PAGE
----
Need help with Ipod.

Discussion in 'Computer Information' started by Julie Bove, Jul 21, 2010.

  1. Julie Bove

    Julie Bove Guest

    My daughter's friend put a password on my daughter's Ipod Touch. My
    daughter has no clue what the password is and of course, neither does the
    friend. She attempted one too many times to figure it out and now the Ipod
    is disabled.

    I saw online how I can do something to restore it to factory settings but it
    says she will lose everything. But I don't know exactly what this means.
    Does this mean she will also lose everything in her Itunes and we have to
    buy all the songs again? Or put them in from CD?

    Thanks!
    Julie Bove, Jul 21, 2010
    #1
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  2. Julie Bove

    Paul Guest

    Julie Bove wrote:
    > My daughter's friend put a password on my daughter's Ipod Touch. My
    > daughter has no clue what the password is and of course, neither does the
    > friend. She attempted one too many times to figure it out and now the Ipod
    > is disabled.
    >
    > I saw online how I can do something to restore it to factory settings but it
    > says she will lose everything. But I don't know exactly what this means.
    > Does this mean she will also lose everything in her Itunes and we have to
    > buy all the songs again? Or put them in from CD?
    >
    > Thanks!
    >
    >


    I think it means she'll lose everything currently in the iPod, but
    not everything in iTunes. iTunes is your backup copy, and you'll be
    restoring the state of the iPod with that information.

    *******

    The general theme to the answer to this problem, is to reset the iPod and
    reload it from iTunes. I haven't included a link for the procedure to
    do that, but like a lot of gadgets, it requires holding down a button
    for an extended period of time, to get the device in the right mode.

    In reading the manual, and a few web answers, I can also see reference
    to two passcodes. One is a "restrict code", which appears to disable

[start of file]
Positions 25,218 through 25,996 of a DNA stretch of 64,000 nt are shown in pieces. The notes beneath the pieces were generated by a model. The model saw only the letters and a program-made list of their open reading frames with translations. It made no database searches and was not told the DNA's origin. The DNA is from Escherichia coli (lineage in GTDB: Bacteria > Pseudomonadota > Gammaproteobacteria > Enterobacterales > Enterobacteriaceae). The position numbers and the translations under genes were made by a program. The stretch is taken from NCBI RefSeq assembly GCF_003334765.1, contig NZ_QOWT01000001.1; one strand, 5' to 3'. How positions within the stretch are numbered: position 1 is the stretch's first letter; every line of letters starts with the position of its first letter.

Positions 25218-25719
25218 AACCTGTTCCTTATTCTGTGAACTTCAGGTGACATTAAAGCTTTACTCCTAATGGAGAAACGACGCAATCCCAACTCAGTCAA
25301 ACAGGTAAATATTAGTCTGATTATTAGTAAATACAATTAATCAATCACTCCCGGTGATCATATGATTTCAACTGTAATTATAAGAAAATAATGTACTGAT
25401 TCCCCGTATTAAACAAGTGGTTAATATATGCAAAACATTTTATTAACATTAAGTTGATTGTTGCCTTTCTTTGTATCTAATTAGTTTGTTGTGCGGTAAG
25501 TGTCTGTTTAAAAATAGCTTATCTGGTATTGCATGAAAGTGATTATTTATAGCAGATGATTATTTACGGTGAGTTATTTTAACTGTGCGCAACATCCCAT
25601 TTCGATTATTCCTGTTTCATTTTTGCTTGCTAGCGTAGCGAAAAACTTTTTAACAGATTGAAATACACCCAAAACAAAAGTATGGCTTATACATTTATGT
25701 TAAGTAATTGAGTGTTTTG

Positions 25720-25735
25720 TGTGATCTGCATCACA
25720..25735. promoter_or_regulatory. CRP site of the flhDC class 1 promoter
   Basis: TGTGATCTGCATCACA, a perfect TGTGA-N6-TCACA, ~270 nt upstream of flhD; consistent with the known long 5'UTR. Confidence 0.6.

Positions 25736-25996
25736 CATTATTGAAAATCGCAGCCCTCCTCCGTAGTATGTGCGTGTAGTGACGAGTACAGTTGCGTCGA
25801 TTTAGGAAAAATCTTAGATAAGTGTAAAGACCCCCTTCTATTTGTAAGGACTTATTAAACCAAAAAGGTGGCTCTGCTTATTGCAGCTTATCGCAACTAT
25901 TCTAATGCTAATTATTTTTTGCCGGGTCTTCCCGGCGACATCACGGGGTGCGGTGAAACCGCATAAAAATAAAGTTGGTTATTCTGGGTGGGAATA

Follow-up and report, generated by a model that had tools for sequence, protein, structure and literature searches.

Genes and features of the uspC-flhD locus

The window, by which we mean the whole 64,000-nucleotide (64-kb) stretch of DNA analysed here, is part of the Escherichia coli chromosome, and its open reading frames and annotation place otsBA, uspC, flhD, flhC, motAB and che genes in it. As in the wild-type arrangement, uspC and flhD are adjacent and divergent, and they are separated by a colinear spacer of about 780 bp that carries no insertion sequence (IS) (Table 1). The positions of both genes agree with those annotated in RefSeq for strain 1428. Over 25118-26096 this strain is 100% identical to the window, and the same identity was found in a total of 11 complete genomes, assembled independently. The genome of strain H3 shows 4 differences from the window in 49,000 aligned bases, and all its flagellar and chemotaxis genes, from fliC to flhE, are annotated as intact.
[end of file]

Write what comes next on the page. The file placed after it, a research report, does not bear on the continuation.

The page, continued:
individual functions of the iPod Touch. The second is a "Screen Lock"
    code, which at first seemed to be pretty innocuous (it's actually
    nasty).

    If this is the Screen Lock code which has been applied, the claim in
    one of these links, is that connecting the unit to the primary
    computer, and having iTunes connect to it, would be enough to bypass
    the screen lock. The idea is, if you're connecting the unit to the
    primary or first computer it was used with, that would be considered
    proof you're the owner. For this first attempt, you don't have to
    restore it or anything, just try to use iTunes with it. After disconnecting
    from iTunes, the screen should be open. Or, that is the claim.

    http://www.everymac.com/systems/app...pod_faq/ipod-reset-code-to-unlock-screen.html

    http://support.apple.com/kb/HT1350?viewlocale=en_US

    If that doesn't do it, then you'd need to reset the iPod and restore
    it from the information stored in iTunes. Now, if somehow you'd filled
    the iPod with music content, and never synchronized it ever, then
    your computer with the iTunes on it, isn't going to be of much use
    to you. And you'd lose all the music. So not synchronizing the unit
    occasionally, and using whatever backup schemes that Apple allows,
    would be silly. I hope you've synced the thing recently, in case
    something more than a mere contact with the primary computer is
    required.

    This section of the manual is most humorous. I think this is the
    one you were referring to in your post...

    "Erase data after ten failed passcode attempts:

    Choose General > Passcode Lock, enter your passcode, and tap
    Erase Data to turn it on.

    After ten failed passcode attempts, your settings are reset
    to their defaults and all your information and media on your
    iPod touch is removed by overwriting the data stored on iPod touch.

    Important: You can’t use iPod touch while data is being overwritten.
    This can take up to four hours or more, depending on the model and
    storage capacity of your iPod touch."

    Who makes this stuff up ? It sounds like something out of an
    episode of "Mission Impossible" on TV.

    Reading that section only emphasizes the importance of